Eye Health

8 Clear Tips for Contact Lens Hygiene

Millions of Americans wear glasses to correct their vision for near- or far-sightedness. Unfortunately, wearing glasses isn’t always convenient, attractive, or safe. In many situations, such as playing sports, there’s a need to ditch bulky glasses for something less obstructive. And in many cases, that solution is contact lenses.

The first contact lenses were developed more than a century ago, but it’s only in the past few decades that they’ve entered mainstream society. Today, contact lenses are an affordable alternative to glasses. But the convenience of contacts comes with a cost: it’s absolutely vital to practice proper hygiene when using those contact lenses. Here’s how you can keep your contacts clean and your eyes safe…

1. Wash your Hands

You may not realize it, but your hands are often very, very filthy. Even when you can’t see dirt on your hands, they’re typically covered in layers of bacteria. And while the amount of bacteria on your hands will be related to your lifestyle–in other words, where you tend to put your hands each day–everyone who wears contact lenses needs to take care when handling their contacts.

The problem is that you can easily transfer bacteria from unwashed hands to your contacts and then to the surface of your eye. That can lead to mild to moderate to serious infection. Preventing this is rather simple: carefully wash your hands every single time you go to handle your contact lenses.

Contact Lens

2. Clean your Contacts

It’s crucial that you wash your hands when handling your contacts. But washing your hands would be pointless if you didn’t take the safe careful approach to your actual contact lenses.

Your eye doctor can show you how to properly clean your contact lenses, ensuring that they remain free of potentially damaging bacteria. In most cases the contact lenses will need to be soaked in a cleaning solution overnight and then gently rinsed before placing them in the eyes.

contact lenses

3. Store Lenses Properly

You wouldn’t keep your perishable food in a warm or dirty cabinet, so why would you even think about storing your contact lenses in such a place? Remember that you’ll be putting those contact lenses in your eyes, so it’s absolutely crucial that you store them properly.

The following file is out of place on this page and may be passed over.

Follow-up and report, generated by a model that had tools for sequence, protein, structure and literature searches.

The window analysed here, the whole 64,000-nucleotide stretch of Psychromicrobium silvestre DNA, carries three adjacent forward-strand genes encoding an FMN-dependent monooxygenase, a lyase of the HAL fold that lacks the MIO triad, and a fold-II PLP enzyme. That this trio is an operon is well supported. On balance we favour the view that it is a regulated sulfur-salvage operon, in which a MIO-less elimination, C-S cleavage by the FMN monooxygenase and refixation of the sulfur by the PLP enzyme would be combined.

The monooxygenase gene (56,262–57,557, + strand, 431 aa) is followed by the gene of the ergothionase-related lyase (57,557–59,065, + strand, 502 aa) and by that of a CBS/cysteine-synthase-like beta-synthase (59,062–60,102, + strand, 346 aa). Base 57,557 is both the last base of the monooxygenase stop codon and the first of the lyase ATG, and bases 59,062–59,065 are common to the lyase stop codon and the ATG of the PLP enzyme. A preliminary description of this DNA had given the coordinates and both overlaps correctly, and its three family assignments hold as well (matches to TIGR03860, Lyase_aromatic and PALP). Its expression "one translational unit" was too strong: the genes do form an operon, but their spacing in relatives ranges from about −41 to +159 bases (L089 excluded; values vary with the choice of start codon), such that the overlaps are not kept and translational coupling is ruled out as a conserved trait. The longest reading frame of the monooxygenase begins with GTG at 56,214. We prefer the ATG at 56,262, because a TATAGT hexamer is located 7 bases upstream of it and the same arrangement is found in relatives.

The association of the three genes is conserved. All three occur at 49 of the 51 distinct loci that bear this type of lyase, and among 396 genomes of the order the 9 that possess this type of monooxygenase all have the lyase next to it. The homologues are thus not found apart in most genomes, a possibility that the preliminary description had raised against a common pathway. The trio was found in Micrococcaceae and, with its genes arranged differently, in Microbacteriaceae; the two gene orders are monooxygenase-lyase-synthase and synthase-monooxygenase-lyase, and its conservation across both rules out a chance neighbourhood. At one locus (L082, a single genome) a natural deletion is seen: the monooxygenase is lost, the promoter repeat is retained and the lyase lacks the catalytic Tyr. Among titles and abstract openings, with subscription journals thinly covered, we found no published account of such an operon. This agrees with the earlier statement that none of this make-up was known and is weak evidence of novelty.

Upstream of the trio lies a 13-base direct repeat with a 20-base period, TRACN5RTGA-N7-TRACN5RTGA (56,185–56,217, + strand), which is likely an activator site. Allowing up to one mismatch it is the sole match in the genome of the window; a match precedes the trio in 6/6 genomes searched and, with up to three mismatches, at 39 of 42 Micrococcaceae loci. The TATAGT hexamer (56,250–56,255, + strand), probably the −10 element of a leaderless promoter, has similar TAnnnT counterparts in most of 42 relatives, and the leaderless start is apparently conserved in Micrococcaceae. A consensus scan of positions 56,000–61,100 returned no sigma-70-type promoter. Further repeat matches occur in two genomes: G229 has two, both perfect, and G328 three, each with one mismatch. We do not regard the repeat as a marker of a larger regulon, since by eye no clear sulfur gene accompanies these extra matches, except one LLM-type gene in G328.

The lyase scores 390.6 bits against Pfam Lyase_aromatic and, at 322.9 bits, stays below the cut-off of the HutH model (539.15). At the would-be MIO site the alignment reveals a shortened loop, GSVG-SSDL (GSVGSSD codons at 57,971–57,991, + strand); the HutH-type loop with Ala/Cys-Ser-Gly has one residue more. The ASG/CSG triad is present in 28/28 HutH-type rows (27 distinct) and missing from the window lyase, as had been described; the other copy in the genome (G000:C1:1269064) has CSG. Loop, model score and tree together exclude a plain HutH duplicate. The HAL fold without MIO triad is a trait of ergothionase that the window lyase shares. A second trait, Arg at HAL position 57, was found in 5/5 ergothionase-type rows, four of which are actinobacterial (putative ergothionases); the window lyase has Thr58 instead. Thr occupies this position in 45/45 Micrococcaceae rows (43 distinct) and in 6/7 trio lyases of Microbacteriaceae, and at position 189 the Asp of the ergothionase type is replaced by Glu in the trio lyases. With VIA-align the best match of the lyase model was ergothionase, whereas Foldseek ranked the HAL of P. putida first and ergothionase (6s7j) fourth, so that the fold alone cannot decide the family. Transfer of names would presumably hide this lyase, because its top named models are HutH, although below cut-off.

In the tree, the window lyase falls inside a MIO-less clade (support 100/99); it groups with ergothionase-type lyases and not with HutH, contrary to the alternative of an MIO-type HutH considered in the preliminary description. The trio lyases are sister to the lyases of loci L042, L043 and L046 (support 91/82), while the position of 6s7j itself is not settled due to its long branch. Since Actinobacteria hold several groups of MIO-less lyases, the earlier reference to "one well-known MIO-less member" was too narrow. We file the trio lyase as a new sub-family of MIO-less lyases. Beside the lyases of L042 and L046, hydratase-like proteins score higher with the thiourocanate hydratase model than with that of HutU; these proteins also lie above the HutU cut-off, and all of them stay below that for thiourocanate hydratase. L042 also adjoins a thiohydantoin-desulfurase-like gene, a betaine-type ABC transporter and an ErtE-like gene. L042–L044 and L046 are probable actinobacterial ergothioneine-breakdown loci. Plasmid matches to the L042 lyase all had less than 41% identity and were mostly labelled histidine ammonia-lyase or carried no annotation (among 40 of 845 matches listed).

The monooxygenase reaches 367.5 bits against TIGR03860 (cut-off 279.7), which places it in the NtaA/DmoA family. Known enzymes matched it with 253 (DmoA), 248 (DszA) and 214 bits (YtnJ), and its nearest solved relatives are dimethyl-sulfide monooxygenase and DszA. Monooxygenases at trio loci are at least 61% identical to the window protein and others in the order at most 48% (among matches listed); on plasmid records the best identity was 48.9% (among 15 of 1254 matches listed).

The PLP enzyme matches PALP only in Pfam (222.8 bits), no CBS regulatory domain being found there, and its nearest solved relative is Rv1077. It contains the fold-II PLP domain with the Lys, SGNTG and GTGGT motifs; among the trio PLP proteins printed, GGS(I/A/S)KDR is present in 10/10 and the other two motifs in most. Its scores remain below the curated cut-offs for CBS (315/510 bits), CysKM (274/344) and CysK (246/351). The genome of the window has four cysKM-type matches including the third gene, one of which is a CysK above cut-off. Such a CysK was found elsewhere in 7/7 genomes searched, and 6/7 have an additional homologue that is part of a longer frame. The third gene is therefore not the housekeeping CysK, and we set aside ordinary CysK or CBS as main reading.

That means placing your contact lenses in the proper lens storage case, which should be cleaned after every single use. The American Optometric Association recommends you regularly inspect the case to ensure nothing that could damage the contacts has fallen inside.

contact lenses

4. Avoid Swimming while Wearing Contacts

Swimming is one of the most dangerous things you can do while wearing contact lenses. That’s because going underwater can result in bacteria becoming trapped between the lens and the eye, leading to serious infection.

There have even been cases of individuals losing sight in one or both eyes as a result of swimming with their contacts still in. So, if you’re going anywhere near water it may be best to take the contact lenses out. Failing to do so could come with hugely negative consequences.

swimming Mediterranean

5. Use Fresh Cleaning Supplies

See that date on the side of the cleaning solution for your contact lenses? Make a mental note of it, as there’s a good reason it’s there. Old cleaning solution for contact lenses can be significantly less effective, meaning it won’t do much to help keep your contacts clean and safe to use.

And if there’s no expiration date on the side of your contact lens cleaning solution, throw it out immediately. There’s simply no way to tell how old it is or how much danger it poses to your eyes. Put simply, when it comes to your eyes, it’s better to be safe than sorry.

contact lenses

6. Don’t Push the Schedule

Your contact lenses are designed to last for a set amount of time before requiring replacement. Naturally, it’s tempting to push them beyond this schedule in order to save money. After all, contact lenses can be rather expensive. But it’s just not worth the risk.

That risk, of course, is the damage done to your eyes by using expired and less effective contact lenses. It’s also a bad idea to use unopened and expired contacts, as this increases the chance that the seal protecting the lenses may have been compromised, leading to their infection.

contact lenses

7. Use Recommended Cleaning Products

There’s no denying that you can find just about anything online, including discount cleaning products for contact lenses. And while these products could help you save a few bucks, the American Optometric Association reminds they could end up costing you a lot more in the end.

That’s because some discount cleaning products haven’t undergone the same kind of testing that more expensive and more widely available cleaning products have. Remember that if a price sounds too good to be true, it probably is. In any case, talk to your eye doctor about the right products for cleaning your contact lenses.

contact lenses

8. See your Eye Doctor Regularly

Let’s say you’ve just had braces put on your teeth. Would you stop seeing your dentist? Of course not. Any time you start using something new with your body, it’s important to see a medical expert on a regular basis.

That’s why it’s highly recommended that contact lens wearers make regular visits to their eye care professional. Regular checkups can help ensure your eye remains healthy and that you’re using the contact lenses that are right for you.

eye doctor

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